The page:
NEW YORK (TheStreet) -- Call 911! Senior executives are meeting, right now, in a smoke-filled room, plotting to take down Android.
I think they will ultimately fail, but not without perhaps inflicting some superficial wounds on their intended target.
What am I talking about? And who?To understand the scene at the 2013 version of "The Last Supper" you have to understand the logic and chronology of how the smartphone history developed over the last 15 years: In the early 1990s days, we had Nokia (NOK), which was eclipsed in the early 2000s by BlackBerry. The wireless operators were extremely happy with BlackBerry, partially because BlackBerry didn't pose a threat to them. It shared revenue, expanded the market into the lucrative enterprise sphere, and didn't divert existing operator services.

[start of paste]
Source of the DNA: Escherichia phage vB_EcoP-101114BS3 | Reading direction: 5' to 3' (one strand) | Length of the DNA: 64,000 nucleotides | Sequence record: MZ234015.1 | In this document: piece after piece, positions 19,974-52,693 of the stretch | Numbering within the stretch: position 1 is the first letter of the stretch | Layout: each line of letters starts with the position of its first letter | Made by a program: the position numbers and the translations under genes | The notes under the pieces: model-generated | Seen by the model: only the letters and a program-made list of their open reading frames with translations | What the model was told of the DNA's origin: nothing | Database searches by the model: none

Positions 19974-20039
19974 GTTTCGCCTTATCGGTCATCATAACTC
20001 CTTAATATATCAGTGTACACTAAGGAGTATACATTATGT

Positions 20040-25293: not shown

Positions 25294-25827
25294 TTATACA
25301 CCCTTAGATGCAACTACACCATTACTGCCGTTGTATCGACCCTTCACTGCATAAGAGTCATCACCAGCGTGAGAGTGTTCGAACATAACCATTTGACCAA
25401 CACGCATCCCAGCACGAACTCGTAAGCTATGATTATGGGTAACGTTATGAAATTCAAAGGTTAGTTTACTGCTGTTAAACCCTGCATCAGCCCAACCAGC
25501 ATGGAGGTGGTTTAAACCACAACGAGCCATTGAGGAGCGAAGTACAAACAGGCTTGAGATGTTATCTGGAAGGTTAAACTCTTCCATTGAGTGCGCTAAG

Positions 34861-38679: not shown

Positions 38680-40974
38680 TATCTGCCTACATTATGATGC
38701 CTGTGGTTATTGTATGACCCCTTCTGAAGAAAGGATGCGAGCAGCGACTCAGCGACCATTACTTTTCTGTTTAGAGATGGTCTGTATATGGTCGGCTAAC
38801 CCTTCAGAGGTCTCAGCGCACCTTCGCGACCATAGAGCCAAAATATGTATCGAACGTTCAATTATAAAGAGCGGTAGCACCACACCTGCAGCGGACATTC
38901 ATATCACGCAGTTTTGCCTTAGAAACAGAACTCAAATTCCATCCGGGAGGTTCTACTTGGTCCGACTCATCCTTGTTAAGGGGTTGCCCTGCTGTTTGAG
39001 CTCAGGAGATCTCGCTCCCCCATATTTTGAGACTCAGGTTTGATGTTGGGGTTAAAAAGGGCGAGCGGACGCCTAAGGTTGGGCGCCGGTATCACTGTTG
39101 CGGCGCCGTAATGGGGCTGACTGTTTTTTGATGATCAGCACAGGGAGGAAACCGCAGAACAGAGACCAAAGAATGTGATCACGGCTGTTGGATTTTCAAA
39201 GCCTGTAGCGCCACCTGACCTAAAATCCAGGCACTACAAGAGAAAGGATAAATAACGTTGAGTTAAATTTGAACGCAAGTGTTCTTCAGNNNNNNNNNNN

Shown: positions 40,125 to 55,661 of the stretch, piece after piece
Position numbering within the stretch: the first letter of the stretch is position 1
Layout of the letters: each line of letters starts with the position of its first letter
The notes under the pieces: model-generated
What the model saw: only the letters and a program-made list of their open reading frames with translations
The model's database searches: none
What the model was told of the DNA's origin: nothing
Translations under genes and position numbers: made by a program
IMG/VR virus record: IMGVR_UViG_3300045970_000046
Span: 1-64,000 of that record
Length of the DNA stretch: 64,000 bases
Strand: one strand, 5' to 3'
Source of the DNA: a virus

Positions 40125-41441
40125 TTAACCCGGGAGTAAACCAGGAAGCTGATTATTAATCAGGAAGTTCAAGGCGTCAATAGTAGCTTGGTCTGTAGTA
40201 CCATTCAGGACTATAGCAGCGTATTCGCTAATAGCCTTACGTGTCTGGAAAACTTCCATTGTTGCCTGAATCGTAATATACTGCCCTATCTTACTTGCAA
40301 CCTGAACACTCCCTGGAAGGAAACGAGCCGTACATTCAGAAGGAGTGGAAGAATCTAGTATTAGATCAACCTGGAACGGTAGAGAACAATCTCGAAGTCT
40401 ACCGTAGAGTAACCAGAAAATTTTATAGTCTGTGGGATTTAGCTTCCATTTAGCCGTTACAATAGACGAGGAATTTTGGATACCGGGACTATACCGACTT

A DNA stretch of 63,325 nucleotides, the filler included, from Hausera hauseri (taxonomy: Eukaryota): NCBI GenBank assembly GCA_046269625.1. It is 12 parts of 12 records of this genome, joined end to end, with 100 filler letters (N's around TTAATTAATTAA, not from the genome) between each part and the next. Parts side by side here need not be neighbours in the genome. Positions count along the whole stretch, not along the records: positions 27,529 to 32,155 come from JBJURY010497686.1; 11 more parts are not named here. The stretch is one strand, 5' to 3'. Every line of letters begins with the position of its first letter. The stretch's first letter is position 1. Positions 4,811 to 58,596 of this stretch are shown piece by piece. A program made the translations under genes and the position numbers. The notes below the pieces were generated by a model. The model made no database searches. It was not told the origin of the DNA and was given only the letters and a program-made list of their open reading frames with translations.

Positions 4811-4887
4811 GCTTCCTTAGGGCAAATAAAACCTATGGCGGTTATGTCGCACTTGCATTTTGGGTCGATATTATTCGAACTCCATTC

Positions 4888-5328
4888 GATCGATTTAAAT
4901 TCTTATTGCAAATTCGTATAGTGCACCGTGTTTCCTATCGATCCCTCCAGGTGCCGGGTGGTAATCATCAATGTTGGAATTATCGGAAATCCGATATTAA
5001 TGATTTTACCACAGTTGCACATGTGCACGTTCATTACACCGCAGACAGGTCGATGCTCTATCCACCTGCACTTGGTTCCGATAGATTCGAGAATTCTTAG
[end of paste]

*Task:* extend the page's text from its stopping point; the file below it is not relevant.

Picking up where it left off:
BlackBerry co-CEO Jim Balsille described his relationship with the wireless operators as "constructive alignment" because he emphasized that BlackBerry was the chief ally of the operators -- not a threat. All parties -- BlackBerry as well as the operators -- loved this arrangement and wanted it to continue forever. Minor threats such as Palm were swatted off like flies. The years between 2003 and 2007 were all sweetness, light and jingles for the wireless operators and for BlackBerry. Then came the iPhone stink bomb. Steve Jobs was the opposite of Jim Balsille's "constructive alignment." It was Jobs' way or the highway. Any operator carrying the iPhone had to comply with every millimeter of Apple's wishes. No logo on the device, no crapware apps, no nothing. Great for the consumer; bad for the operators. Apple was confident that it had a product the operators wouldn't be able to ignore, even though they hated it. All Apple needed was a crack in the Hoover Dam of the operator wall. With AT&T (T) hungry to take down Verizon Wireless from the U.S. market leadership position, Apple got its opening. Apple and AT&T milked this for all it was worth, and Verizon felt compelled to respond with desperate measures. Verizon went to BlackBerry for an all-touch version called Storm, which became a total disaster. It also licensed the "Droid" name from Lucas Films and agreed to promote Android heavily as its answer to the iPhone. Android was free and customizable, so the operators -- not only Verizon -- proceeded to promote it as their favored solution, trying to keep Apple away from total industry dominance.
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